Giants of Parisian Street Art – When Rat = Art
That rat is an anagram of art is not lost on Blek le Rat, perhaps France’s most famous and influential street artist. In countless interviews over the years the artist, recognized globally as the father of stencil graffiti, has said he was conscious of the letter-play in his street art sobriquet when he modified the name of 1950s comic book character Blek le Roc to create it.
The 70-year-old former Ecole des Beaux-Arts fine art and architecture student began his practice on the streets of Paris in the early 1980s, decorating the landscape with stenciled images of a rat, which he calls “the only free animals in cities.” His later creations, which melded stencils, paint and photos, never shied away from controversial topics including war, religion, and the plight of the underprivileged.
Blek, whose real name is Xavier Prou, and his ubiquitous rats brought stencil art into the forefront of a nascent street art movement in 1980s Paris. Eventually, his monochromatic masterpieces would include images of musicians, dancers, children, soldiers and other animals. Among his iconic images: The Man Who Walks Through Walls, Princess Diana, David avec AK-47 and the Mona Lisa.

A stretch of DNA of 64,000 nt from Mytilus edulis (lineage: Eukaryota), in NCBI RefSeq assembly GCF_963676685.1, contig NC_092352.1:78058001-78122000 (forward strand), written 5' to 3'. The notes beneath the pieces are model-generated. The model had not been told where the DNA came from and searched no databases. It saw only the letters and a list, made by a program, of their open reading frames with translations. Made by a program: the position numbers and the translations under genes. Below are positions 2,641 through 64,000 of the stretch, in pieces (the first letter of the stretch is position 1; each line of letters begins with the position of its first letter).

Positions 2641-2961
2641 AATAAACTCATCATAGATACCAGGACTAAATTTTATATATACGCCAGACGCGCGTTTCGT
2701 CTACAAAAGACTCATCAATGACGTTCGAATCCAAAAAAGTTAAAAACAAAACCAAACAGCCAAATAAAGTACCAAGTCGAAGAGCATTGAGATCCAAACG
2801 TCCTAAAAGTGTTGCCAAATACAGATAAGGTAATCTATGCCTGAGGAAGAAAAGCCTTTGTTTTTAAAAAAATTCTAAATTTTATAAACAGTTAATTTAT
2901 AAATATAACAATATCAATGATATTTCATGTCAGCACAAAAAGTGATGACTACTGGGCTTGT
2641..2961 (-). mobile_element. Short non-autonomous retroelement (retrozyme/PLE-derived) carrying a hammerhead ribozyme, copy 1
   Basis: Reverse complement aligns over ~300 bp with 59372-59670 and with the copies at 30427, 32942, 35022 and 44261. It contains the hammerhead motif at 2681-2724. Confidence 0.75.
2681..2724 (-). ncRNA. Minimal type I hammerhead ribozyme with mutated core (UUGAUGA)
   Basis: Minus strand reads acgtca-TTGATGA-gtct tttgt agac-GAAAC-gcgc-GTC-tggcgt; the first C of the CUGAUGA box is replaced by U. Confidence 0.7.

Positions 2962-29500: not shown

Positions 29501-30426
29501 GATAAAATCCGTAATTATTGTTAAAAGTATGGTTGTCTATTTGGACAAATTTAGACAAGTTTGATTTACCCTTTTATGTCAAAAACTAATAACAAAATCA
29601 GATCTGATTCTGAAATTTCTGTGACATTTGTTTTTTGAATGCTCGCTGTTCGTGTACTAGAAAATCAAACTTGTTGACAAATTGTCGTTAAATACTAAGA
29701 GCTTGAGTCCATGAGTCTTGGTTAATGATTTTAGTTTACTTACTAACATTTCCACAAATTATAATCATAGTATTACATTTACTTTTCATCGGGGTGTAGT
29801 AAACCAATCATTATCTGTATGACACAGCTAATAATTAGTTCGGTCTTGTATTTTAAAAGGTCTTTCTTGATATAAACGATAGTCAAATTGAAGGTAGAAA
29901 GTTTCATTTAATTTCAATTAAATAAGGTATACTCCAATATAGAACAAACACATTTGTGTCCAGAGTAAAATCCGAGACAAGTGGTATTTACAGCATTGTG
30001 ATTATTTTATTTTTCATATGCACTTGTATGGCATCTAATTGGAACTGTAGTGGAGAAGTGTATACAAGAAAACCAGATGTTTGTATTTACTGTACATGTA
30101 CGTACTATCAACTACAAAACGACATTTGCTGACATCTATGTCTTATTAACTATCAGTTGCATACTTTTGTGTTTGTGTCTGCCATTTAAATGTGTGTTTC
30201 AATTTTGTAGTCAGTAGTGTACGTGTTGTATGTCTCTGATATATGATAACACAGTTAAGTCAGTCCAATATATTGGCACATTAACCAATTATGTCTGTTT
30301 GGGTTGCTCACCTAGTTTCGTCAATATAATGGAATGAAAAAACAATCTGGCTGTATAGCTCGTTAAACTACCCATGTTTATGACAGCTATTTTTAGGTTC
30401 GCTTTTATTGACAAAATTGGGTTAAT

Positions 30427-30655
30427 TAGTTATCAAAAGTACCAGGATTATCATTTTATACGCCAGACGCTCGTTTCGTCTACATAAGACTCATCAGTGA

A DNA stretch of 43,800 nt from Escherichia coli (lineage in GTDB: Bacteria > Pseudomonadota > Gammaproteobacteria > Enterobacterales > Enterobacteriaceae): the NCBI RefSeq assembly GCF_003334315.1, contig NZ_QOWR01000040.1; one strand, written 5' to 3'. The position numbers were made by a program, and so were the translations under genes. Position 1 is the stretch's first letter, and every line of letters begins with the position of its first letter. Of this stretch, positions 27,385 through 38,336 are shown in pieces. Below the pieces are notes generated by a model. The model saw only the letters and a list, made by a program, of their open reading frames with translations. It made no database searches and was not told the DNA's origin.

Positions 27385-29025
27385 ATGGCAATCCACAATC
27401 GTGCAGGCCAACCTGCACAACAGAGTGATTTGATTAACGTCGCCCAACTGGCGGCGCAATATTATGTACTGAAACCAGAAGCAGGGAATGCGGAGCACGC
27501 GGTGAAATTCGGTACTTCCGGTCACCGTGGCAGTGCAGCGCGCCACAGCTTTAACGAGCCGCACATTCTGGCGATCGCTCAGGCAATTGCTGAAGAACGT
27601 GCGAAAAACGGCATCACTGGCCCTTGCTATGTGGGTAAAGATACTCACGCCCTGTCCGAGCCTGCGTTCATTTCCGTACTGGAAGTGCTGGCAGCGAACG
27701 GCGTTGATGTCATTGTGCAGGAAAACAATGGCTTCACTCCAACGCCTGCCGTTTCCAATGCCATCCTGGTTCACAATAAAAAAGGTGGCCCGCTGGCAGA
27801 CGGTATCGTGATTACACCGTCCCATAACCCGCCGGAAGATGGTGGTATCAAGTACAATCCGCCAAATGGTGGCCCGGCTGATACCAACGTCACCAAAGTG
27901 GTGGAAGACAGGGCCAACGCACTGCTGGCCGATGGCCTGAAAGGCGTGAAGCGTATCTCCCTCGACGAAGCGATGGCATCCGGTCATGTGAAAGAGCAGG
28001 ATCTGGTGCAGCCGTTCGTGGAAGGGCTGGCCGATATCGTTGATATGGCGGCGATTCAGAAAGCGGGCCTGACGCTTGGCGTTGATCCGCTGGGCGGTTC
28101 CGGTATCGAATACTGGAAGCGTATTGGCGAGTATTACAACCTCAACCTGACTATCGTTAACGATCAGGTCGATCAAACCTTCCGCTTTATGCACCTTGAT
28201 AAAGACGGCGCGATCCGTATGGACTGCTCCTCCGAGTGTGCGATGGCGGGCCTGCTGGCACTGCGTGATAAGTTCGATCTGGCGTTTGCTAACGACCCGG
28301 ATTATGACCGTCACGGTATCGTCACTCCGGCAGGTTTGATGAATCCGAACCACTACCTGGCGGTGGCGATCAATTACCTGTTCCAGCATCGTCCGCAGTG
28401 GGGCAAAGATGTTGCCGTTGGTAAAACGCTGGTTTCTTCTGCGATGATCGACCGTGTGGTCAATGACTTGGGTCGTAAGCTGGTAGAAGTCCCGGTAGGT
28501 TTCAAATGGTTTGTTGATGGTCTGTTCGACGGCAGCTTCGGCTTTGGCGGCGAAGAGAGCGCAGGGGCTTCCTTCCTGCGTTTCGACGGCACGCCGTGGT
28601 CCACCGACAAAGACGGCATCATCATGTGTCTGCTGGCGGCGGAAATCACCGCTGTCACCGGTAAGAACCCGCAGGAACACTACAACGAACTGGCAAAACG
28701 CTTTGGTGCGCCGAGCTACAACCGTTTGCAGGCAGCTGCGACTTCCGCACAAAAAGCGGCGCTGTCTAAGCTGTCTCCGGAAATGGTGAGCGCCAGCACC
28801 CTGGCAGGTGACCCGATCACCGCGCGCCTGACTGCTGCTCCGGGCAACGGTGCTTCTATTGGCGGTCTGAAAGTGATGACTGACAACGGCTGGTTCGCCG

Blek has been cited as an influence by no less a street art legend than Banksy, whose appropriation of Blek’s rat image is widely recognized. In a 2008 Daily Mail interview, the secretive British street art superstar acknowledged his indebtedness to his French predecessor: “Every time I think I’ve painted something slightly original, I find out that Blek le Rat has done it too, only Blek did it 20 years earlier.”
But like all artists, Blek has also been influenced by those that came before him. Blek’s work Death Of Caravaggio acknowledges the inspiration he drew from the Italian master. Other masters that have been cited as his influences include Michelangelo, Guido Reni, and Leonardo da Vinci.
In a 2017 interview with Street Art News, Blek said he always believed street art would eventually find its place as a legitimate art form.
“Street art is made for the people who don’t have an access to art in galleries or museums,” he said. “I remember to be sure in 1981 that graffiti was the future of art and would be accepted by the people as an art in its own right. I did not know that it would take so long though.”